Combined impacts of sea surface warming, local runoff pulses, and meso-scale Caribbean gyres on coral reef rehabilitation success: Lessons learned to cope with climate change
Hernández-Delgado, Edwin A.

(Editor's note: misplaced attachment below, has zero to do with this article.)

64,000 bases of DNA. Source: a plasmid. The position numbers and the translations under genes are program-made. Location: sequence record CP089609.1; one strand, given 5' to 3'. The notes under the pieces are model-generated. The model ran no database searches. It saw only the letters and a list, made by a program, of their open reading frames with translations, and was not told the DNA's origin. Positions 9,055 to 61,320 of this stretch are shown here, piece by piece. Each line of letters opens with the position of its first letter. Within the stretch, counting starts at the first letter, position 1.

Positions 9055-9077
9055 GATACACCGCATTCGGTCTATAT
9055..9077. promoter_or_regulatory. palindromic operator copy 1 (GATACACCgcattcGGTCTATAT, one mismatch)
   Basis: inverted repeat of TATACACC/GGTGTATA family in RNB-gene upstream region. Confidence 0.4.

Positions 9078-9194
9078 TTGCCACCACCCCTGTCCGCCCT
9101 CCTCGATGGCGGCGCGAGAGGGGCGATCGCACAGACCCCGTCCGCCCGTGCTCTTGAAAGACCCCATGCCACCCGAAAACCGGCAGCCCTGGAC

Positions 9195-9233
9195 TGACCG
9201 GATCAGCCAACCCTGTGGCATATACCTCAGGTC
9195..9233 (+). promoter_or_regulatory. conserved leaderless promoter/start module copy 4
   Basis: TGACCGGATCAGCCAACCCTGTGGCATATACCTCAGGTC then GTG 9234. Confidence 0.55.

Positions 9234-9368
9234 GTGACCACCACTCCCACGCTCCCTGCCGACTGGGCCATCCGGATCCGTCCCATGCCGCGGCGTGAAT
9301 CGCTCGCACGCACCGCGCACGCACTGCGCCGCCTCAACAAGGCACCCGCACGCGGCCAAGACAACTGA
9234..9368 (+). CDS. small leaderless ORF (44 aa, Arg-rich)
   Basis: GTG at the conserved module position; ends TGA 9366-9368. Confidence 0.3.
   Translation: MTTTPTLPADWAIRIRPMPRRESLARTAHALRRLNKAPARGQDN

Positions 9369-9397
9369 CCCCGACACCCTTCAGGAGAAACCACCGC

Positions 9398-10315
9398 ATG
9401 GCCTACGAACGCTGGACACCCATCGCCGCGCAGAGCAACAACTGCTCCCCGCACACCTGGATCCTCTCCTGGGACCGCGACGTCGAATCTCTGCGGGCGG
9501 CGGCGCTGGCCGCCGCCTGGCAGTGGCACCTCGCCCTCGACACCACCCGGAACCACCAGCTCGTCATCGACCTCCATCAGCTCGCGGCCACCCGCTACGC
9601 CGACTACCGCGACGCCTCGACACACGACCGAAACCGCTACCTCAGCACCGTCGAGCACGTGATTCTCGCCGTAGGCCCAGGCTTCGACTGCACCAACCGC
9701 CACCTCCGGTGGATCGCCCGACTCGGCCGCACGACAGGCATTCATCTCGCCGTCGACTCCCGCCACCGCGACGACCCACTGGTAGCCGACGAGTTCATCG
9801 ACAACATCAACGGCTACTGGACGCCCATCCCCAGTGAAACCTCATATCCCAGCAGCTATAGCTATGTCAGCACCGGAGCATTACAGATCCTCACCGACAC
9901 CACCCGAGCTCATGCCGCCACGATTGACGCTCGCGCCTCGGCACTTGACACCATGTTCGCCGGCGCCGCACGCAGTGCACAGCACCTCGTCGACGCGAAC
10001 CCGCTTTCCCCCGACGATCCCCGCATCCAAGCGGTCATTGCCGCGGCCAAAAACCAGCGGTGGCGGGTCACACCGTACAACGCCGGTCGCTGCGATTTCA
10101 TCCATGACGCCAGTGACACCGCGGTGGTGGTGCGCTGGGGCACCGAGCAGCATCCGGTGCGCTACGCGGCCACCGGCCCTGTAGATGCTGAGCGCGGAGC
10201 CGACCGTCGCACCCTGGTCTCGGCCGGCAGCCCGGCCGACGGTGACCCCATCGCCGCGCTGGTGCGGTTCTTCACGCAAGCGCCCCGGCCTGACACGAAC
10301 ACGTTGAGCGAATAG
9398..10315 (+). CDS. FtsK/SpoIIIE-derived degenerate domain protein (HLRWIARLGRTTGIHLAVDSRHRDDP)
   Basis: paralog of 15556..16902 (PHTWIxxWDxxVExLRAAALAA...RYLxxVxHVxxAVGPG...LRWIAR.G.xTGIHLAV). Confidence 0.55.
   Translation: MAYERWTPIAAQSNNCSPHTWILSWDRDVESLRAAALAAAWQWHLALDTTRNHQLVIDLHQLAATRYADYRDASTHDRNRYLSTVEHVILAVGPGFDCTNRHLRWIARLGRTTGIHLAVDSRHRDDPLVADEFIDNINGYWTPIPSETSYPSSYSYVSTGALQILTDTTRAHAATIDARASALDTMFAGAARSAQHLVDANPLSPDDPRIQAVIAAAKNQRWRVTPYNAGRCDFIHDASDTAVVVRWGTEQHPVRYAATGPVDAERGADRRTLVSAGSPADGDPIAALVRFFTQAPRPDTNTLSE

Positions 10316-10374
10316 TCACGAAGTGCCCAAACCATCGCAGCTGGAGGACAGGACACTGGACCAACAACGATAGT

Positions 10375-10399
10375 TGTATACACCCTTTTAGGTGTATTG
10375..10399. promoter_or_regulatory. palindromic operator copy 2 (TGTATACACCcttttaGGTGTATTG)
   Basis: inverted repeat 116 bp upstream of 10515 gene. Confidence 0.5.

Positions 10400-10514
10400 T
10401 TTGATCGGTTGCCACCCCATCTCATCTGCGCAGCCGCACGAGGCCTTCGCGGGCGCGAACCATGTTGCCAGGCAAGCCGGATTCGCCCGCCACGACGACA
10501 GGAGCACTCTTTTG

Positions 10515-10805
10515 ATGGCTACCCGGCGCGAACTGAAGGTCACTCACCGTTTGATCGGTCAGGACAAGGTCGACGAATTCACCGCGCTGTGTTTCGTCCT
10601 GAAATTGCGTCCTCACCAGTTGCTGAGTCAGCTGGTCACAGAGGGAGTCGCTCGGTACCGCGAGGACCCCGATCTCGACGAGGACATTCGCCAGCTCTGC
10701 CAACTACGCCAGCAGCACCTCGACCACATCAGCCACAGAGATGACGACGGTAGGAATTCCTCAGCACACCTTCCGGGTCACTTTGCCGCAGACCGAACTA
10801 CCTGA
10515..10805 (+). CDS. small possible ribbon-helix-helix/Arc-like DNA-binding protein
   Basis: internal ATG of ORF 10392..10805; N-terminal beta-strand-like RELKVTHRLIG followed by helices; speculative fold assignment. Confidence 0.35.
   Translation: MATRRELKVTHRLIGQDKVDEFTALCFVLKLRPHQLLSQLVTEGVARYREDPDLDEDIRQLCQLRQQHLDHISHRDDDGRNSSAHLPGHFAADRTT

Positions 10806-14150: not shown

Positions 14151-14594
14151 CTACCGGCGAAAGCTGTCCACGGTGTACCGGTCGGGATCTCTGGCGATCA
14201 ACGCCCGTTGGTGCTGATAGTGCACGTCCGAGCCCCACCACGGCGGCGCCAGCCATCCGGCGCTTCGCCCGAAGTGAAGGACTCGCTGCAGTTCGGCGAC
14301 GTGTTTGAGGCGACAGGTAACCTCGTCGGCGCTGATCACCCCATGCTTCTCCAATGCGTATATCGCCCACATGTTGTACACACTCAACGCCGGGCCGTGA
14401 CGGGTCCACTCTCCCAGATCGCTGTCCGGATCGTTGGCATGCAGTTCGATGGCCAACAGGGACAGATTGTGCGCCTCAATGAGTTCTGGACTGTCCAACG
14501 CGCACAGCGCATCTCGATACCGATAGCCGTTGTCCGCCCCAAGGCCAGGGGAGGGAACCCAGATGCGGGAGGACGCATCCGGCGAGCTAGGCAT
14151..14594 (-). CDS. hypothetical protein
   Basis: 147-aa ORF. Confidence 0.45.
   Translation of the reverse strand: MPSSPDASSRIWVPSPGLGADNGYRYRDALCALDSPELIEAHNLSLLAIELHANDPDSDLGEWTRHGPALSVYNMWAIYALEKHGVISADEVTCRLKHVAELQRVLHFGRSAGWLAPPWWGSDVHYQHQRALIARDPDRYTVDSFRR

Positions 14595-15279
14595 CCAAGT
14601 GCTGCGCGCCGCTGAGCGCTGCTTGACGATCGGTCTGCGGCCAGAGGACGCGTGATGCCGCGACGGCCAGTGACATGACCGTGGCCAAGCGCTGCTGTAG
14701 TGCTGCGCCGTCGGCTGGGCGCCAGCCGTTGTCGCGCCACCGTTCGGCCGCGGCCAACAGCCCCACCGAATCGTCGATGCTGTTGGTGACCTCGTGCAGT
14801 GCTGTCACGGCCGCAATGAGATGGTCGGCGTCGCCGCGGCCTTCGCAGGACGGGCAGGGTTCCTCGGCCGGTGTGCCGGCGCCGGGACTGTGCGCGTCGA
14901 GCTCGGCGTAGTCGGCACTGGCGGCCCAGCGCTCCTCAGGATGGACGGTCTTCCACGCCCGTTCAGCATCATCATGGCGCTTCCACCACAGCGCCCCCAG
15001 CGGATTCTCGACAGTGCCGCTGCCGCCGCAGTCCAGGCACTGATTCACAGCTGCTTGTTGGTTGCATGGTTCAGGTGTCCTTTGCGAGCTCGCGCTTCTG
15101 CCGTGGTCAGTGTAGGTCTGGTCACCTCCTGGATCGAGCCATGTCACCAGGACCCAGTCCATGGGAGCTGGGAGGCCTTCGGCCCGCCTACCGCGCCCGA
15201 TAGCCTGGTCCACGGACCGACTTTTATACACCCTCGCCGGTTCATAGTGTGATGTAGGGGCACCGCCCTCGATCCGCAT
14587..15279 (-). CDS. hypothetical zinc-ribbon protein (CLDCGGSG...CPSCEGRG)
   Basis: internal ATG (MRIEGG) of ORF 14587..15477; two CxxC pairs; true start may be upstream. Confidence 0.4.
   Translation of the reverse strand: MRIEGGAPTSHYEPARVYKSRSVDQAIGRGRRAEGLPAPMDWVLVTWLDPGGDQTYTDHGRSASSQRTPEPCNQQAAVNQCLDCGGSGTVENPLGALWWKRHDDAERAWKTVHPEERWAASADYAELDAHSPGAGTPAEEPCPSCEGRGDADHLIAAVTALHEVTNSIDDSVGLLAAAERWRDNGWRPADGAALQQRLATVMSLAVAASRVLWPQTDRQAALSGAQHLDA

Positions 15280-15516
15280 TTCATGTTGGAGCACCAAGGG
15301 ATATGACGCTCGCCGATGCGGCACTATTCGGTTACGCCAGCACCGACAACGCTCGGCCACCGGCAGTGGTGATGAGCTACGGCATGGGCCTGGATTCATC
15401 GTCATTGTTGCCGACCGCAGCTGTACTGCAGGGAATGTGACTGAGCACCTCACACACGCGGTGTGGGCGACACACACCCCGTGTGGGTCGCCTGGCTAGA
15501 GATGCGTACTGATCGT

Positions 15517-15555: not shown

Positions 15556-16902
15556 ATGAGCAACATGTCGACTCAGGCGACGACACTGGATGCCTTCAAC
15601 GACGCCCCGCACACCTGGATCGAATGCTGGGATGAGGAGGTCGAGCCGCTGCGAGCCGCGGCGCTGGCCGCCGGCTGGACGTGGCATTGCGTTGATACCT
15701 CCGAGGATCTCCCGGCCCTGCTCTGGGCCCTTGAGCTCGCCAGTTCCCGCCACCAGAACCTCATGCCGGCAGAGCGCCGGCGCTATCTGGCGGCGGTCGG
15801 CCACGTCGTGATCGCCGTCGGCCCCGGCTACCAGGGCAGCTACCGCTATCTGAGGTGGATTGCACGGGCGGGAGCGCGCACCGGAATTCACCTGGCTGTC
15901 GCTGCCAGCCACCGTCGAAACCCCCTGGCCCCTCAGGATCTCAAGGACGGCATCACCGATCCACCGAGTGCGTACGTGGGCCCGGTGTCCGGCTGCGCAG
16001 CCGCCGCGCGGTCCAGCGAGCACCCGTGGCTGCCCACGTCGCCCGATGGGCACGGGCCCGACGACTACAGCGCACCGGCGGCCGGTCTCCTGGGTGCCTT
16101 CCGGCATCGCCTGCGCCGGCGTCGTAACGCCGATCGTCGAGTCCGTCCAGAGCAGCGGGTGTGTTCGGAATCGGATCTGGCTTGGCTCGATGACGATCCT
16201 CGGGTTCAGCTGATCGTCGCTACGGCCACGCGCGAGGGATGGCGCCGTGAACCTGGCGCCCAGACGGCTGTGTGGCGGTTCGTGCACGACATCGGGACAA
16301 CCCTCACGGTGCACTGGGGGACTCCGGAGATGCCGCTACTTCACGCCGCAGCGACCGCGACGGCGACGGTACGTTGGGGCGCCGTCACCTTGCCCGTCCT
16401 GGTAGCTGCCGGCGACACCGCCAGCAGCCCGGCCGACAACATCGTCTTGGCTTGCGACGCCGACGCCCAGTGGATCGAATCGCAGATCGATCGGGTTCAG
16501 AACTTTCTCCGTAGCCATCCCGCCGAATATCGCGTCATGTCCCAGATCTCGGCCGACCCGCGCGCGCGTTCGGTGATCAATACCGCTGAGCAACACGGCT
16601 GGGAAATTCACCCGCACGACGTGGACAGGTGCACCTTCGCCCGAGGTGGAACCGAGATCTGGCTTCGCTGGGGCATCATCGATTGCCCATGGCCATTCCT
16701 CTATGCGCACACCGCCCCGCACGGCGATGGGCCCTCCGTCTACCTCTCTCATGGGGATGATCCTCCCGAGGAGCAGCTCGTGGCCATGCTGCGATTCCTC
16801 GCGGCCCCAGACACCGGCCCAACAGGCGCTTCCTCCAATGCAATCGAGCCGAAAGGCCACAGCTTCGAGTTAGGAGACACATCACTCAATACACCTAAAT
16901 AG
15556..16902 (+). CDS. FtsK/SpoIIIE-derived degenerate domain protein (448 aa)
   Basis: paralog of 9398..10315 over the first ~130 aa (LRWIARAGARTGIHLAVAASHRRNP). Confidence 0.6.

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Low-tech coral aquaculture methods have been successfully used in Culebra Island, PR, since year 2003 to propagate threatened staghorn coral (Acropora cervicornis). Harvested corals are being used through the Culebra Island Community-Based Coral Aquaculture and Reef Rehabilitation Program to restock their populations and rehabilitate bombcratered coral reefs. But an unprecedented sea surface warming event occurred during 2005 that caused extensive mortalities in Acroporid corals. It was followed by mass coral bleaching, runoff pulses, meso-scale gyres, and further mortality. This study documented what was the response of transplanted corals to these events. Low-tech coral transplanting was a successful tool to propagate warm water-resistant genetic strains of corals. Most colonies survived the warming event and exhibited growth rates several orders of magnitude faster than wild populations. But they were susceptible to post-bleaching mortality due to White Band Disease Type II-like outbreaks which resulted from a combination of heat stress, recurrent local sediment- and nutrient-loaded runoff pulses and recurrent increases in meso-scale nutrient concentrations due to large-scale gyres.